Act II - Act II, Scene 6

SCENE VI. Another Part of the Field

[A loud alarum. Enter CLIFFORD, wounded.]

Here burns my candle out; ay, here it dies,
Which whiles it lasted gave King Henry light.
O Lancaster! I fear thy overthrow
More than my body's parting with my soul!
My love and fear glued many friends to thee;
And, now I fall, thy tough commixtures melt,
Impairing Henry, strengthening mis-proud York.
The common people swarm like summer flies;
And whither fly the gnats but to the sun?
And who shines now but Henry's enemies?
O Phoebus, hadst thou never given consent
That Phaethon should check thy fiery steeds,
Thy burning car never had scorch'd the earth!
And, Henry, hadst thou sway'd as kings should do,
Or as thy father and his father did,
Giving no ground unto the house of York,
They never then had sprung like summer flies;
I, and ten thousand in this luckless realm,
Had left no mourning widows for our death,
And thou this day hadst kept thy chair in peace.
For what doth cherish weeds but gentle air?
And what makes robbers bold but too much lenity?
Bootless are plaints, and cureless are my wounds;
No way to fly, nor strength to hold out flight.
The foe is merciless and will not pity,
For at their hands I have deserv'd no pity.
The air hath got into my deadly wounds,
And much effuse of blood doth make me faint.--
Come, York and Richard, Warwick, and the rest;
I stabb'd your fathers' bosoms, split my breast.

[He faints.]

[Alarum and retreat. Enter EDWARD, GEORGE, RICHARD,
MONTAGUE, WARWICK, and Soldiers.]

Now breathe we, lords; good fortune bids us pause,
And smooth the frowns of war with peaceful looks.--
Some troops pursue the bloody-minded queen
That led calm Henry, though he were a king,
As doth a sail, fill'd with a fretting gust,
Command an argosy to stem the waves.
But think you, lords, that Clifford fled with them?

No, 't is impossible he should escape;
For, though before his face I speak the words,
Your brother Richard mark'd him for the grave,
And whereso'er he is he's surely dead.

[Clifford groans and dies.]

Whose soul is that which takes her heavy leave?

A deadly groan, like life and death's departing.

See who it is; and, now the battle's ended,
If friend or foe, let him be gently us'd.

Revoke that doom of mercy, for 't is Clifford,
Who, not contented that he lopp'd the branch,
In hewing Rutland when his leaves put forth,
But set his murthering knife unto the root
From whence that tender spray did sweetly spring;
I mean our princely father, Duke of York.

From off the gates of York fetch down the head,
Your father's head, which Clifford placed there;
Instead whereof, let this supply the room.
Measure for measure must be answered.

Bring forth that fatal screech-owl to our house,
That nothing sung but death to us and ours;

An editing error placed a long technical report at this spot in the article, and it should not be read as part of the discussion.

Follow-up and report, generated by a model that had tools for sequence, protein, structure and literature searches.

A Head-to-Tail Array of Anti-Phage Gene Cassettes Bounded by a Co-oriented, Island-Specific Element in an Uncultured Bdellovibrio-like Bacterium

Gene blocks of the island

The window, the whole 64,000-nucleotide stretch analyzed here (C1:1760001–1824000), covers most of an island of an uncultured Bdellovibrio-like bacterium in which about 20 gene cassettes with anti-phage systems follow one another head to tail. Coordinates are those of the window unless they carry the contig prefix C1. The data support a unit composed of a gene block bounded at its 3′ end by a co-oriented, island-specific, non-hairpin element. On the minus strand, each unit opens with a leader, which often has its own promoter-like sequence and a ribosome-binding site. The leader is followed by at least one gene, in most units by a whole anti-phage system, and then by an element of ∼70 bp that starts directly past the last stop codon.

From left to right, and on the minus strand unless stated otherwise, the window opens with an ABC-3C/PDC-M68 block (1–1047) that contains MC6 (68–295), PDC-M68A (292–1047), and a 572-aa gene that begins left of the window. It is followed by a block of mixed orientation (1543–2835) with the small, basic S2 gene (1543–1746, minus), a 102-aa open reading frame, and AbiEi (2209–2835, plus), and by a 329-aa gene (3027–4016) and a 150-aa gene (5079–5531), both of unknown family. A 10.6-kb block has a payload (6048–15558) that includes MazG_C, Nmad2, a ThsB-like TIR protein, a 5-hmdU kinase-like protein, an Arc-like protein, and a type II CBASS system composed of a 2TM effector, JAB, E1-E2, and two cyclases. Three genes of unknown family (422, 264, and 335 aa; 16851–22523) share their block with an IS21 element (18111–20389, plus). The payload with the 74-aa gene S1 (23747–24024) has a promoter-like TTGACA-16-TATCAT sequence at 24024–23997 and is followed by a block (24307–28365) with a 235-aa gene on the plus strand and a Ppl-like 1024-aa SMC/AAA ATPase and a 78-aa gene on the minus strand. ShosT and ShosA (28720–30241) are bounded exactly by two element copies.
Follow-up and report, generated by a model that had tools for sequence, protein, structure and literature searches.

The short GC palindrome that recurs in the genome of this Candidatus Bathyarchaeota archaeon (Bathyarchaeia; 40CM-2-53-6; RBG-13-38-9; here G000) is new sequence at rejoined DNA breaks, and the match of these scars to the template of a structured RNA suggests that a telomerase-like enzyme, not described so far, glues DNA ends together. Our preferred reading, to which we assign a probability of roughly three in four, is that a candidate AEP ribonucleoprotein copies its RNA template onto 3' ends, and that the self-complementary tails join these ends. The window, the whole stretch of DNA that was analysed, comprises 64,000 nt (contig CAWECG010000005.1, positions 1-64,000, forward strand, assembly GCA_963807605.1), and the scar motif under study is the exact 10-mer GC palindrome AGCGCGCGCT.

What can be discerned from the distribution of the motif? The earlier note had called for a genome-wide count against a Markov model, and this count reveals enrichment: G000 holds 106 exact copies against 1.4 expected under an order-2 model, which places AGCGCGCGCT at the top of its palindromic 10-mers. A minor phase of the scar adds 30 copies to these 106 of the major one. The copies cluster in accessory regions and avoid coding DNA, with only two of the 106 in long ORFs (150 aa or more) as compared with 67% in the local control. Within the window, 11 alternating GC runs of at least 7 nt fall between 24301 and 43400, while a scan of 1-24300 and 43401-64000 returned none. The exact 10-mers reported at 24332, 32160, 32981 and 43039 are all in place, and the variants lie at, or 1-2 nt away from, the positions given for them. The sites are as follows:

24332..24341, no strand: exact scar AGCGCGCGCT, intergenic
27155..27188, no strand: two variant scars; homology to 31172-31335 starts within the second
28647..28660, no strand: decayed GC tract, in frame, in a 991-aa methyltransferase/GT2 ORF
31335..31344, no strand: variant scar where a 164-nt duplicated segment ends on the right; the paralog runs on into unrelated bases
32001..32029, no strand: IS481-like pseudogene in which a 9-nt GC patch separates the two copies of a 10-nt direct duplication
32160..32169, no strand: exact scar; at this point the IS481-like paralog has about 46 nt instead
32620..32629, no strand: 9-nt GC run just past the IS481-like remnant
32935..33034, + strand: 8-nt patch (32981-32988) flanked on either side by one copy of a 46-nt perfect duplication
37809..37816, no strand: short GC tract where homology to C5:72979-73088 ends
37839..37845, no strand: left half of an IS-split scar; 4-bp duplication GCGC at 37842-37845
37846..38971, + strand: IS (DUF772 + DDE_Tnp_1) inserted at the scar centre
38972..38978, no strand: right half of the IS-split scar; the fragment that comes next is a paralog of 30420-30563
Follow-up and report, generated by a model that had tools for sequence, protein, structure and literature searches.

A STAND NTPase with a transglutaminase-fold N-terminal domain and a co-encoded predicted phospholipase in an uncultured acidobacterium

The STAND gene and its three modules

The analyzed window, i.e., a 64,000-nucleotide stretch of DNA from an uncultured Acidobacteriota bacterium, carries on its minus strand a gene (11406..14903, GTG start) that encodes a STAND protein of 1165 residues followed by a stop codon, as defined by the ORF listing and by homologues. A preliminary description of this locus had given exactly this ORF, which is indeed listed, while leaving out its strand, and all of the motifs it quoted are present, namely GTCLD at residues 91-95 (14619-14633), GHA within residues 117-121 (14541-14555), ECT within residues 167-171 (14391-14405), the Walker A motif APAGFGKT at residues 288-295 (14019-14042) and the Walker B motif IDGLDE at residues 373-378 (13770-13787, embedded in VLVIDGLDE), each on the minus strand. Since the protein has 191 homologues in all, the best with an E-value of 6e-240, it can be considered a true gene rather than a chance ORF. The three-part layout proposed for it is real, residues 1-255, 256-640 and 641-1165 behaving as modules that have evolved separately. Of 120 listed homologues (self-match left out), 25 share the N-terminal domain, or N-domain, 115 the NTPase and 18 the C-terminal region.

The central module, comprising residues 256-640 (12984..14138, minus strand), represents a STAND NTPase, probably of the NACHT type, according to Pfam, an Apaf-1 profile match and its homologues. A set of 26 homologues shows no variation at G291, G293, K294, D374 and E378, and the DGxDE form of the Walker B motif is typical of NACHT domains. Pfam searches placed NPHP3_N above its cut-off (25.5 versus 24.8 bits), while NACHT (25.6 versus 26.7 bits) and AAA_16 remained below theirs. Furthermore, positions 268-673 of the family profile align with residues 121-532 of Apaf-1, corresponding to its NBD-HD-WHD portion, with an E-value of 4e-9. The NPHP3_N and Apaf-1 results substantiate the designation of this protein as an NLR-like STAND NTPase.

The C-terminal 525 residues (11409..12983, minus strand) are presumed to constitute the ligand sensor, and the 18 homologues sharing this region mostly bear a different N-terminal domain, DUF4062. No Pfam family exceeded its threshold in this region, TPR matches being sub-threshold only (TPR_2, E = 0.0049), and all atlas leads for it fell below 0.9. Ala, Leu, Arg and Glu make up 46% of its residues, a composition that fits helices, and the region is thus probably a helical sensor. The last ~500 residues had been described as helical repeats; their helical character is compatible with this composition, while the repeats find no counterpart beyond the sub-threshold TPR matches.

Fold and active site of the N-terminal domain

Now death shall stop his dismal threatening sound,
And his ill-boding tongue no more shall speak.

[Soldiers bring the body forward.]

I think his understanding is bereft.--
Speak, Clifford, dost thou know who speaks to thee?--
Dark cloudy death o'ershades his beams of life,
And he nor sees nor hears us, what we say.

O, would he did! and so, perhaps, he doth;
'T is but his policy to counterfeit,
Because he would avoid such bitter taunts
Which in the time of death he gave our father.

If so thou think'st, vex him with eager words.

Clifford, ask mercy, and obtain no grace.

Clifford, repent in bootless penitence.

Clifford, devise excuses for thy faults.

While we devise fell tortures for thy faults.

Thou didst love York, and I am son to York.

Thou pitiedst Rutland, I will pity thee.

Where's Captain Margaret to fence you now?

They mock thee, Clifford; swear as thou wast wont.

What! not an oath? nay then, the world goes hard
When Clifford cannot spare his friends an oath.--
I know by that he's dead; and, by my soul,
If this right hand would buy two hours' life,
That I in all despite might rail at him,
This hand should chop it off, and with the issuing blood
Stifle the villain whose unstanched thirst
York and young Rutland could not satisfy.

Ay, but he's dead. Off with the traitor's head,
And rear it in the place your father's stands.--
And now to London with triumphant march,
There to be crowned England's royal king;
From whence shall Warwick cut the sea to France,
And ask the Lady Bona for thy queen.
So shalt thou sinew both these lands together,
And, having France thy friend, thou shalt not dread
The scatt'red foe that hopes to rise again;
For though they cannot greatly sting to hurt,
Yet look to have them buzz to offend thine ears.
First will I see the coronation,
And then to Brittany I'll cross the sea
To effect this marriage, so it please my lord.

Even as thou wilt, sweet Warwick, let it be;
For in thy shoulder do I build my seat,
And never will I undertake the thing
Wherein thy counsel and consent is wanting.--
Richard, I will create thee Duke of Gloster;--
And George, of Clarence.--Warwick, as ourself,
Shall do and undo as him pleaseth best.

Let me be Duke of Clarence, George of Gloster,
For Gloster's dukedom is too ominous.

Tut! that's a foolish observation;
Richard, be Duke of Gloster. Now to London,
To see these honours in possession.